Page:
Rise of the Jewish Biebers, ScarJo’s blockbuster deal, don’t call Mac Miller ‘maybe’

The Chasidic boy band The Shepsalach performing "Rabbi," its cover of the Justin Bieber song "Baby."  (From YouTube)

The Chasidic boy band The Shepsalach performing “Rabbi,” its cover of the Justin Bieber song “Baby.” (From YouTube)

NEW YORK (6NoBacon) — This has been the week of the Jewish Justin Biebers.

At first it was Edon Pinchot, the 14-year-old, yarmulke-wearing Chicagoan on "America’s Got Talent" whose impressive vocal abilities earned him a spot in the reality show’s semifinals (not THAT impressive when it turns out that 48 contestants make it to the semifinals, but still) with a rendition of David Guetta’s song "Titanium." The judges lauded Pinchot’s pitch-perfect performance; Howie Mandel asked Pinchot if he received the same standing ovation at his bar mitzvah and also exclaimed “Jew are terrific!” Pinchot will compete for the finals in the next few weeks, and even his Twitter has been "Bieberized," climbing from some 60 followers last week to nearly 2,000 now.

But that’s not all. A new cover to the Bieber hit "Baby" — with an Orthodox Jewish twist — was released. "Rabbi," by the Chasidic boy band The Shepsalach ("little sheep" in Yiddish) features young children praising their rebbe with the catchy chorus "rebbe, rebbe, rebbe, oh." The man behind the kosher version is Yuval Nobelman, an Israeli filmmaker and a member of a rather creative family.

Guns N’ Roses’ rocking ‘Hatikvah’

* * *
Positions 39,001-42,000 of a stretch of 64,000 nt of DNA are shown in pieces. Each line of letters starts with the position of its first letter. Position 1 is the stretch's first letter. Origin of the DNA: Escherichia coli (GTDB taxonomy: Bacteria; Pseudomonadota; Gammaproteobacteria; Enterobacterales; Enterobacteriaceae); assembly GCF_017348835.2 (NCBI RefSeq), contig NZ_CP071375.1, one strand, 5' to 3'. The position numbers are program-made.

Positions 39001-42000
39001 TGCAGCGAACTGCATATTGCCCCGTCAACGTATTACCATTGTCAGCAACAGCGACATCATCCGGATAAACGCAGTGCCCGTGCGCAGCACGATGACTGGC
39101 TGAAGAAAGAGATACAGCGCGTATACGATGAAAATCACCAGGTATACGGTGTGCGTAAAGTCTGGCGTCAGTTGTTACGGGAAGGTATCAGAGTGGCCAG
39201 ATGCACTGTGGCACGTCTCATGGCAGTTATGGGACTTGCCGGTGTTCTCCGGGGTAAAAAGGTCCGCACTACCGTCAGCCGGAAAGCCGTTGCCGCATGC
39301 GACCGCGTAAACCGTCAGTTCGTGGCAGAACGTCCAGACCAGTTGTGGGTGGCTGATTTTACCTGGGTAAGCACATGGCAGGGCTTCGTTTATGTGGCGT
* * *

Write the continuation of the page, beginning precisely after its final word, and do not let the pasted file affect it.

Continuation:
Israeli fans of Guns N’ Roses were delighted to see the band on stage in Tel Aviv last week. While guitarist Slash wasn’t around — he no longer performs with the band that hit it big in the early 1990s — current guitarist Ron “Bumblefoot” Thal, aka Ronald Jay Blumenthal, had a surprise for the crowd prior to the song "Don’t Cry": Bumblefoot began with a special rendition of Israel’s national anthem, "Hatikvah." It may not have been Jimi Hendrix at Woodstock, but the crowd still went wild.

Sacha Baron Cohen visits grandma in Israel

Another visitor to Israel was Sacha Baron Cohen, who took his wife and daughters to see his beloved grandmother Lizel Wizer. She’s 97 and living in a residential home; she’s also an exercise instructor with more than 75 years of experience. Baron Cohen was born to an Orthodox Jewish family in London, and his mother is a sabra. The comic actor speaks Hebrew, as you could probably tell if you saw "Borat" or "The Dictator."

Scarlet Johansson’s record film deal

Scarlett Johansson has signed on to reprise her role as the Black Widow in the sequel to the superhero blockbuster "The Avengers" — and set a record while inking the contract. The deal is expected to earn Johannson $20 million, topping the mark for most earned for a film by a woman in Hollywood — reportedly $19 million by Angelina Jolie for "The Tourist."

Mac Miller doesn’t get Adam Levine’s humor

You can’t really escape Carly Rae Jespen’s hit song "Call Me Maybe." It’s the ultimate summer hit — simple, upbeat and catchy. The lyrics, most notably the chorus ("Hey, I just met you, And this is crazy, But here’s my number, So call me, maybe?"), has spurred hundreds of Internet parodies, from mixes of Obama’s speeches to an actual version sung by Cookie Monster of "Sesame Street" (my particular favorite).

Adam Levine of Maroon 5 and NBC’s "The Voice" commented on the song by tweeting a fairly old joke about it (in Internet terms, of course): Why does she want him to call her Maybe? Carly is a lovely name.” While most of the online world read the tweet and perhaps tittered or teheed, the Jewish rapper Mac Miller apparently assumed that Levine didn’t actually understand the song because he tweeted, "she’s saying maybe call her." The Internet community’s response? SMH (shake my head).

(For more Jewish celebrity news, visit 6nobacon.com, the illegitimate child of JTA.)

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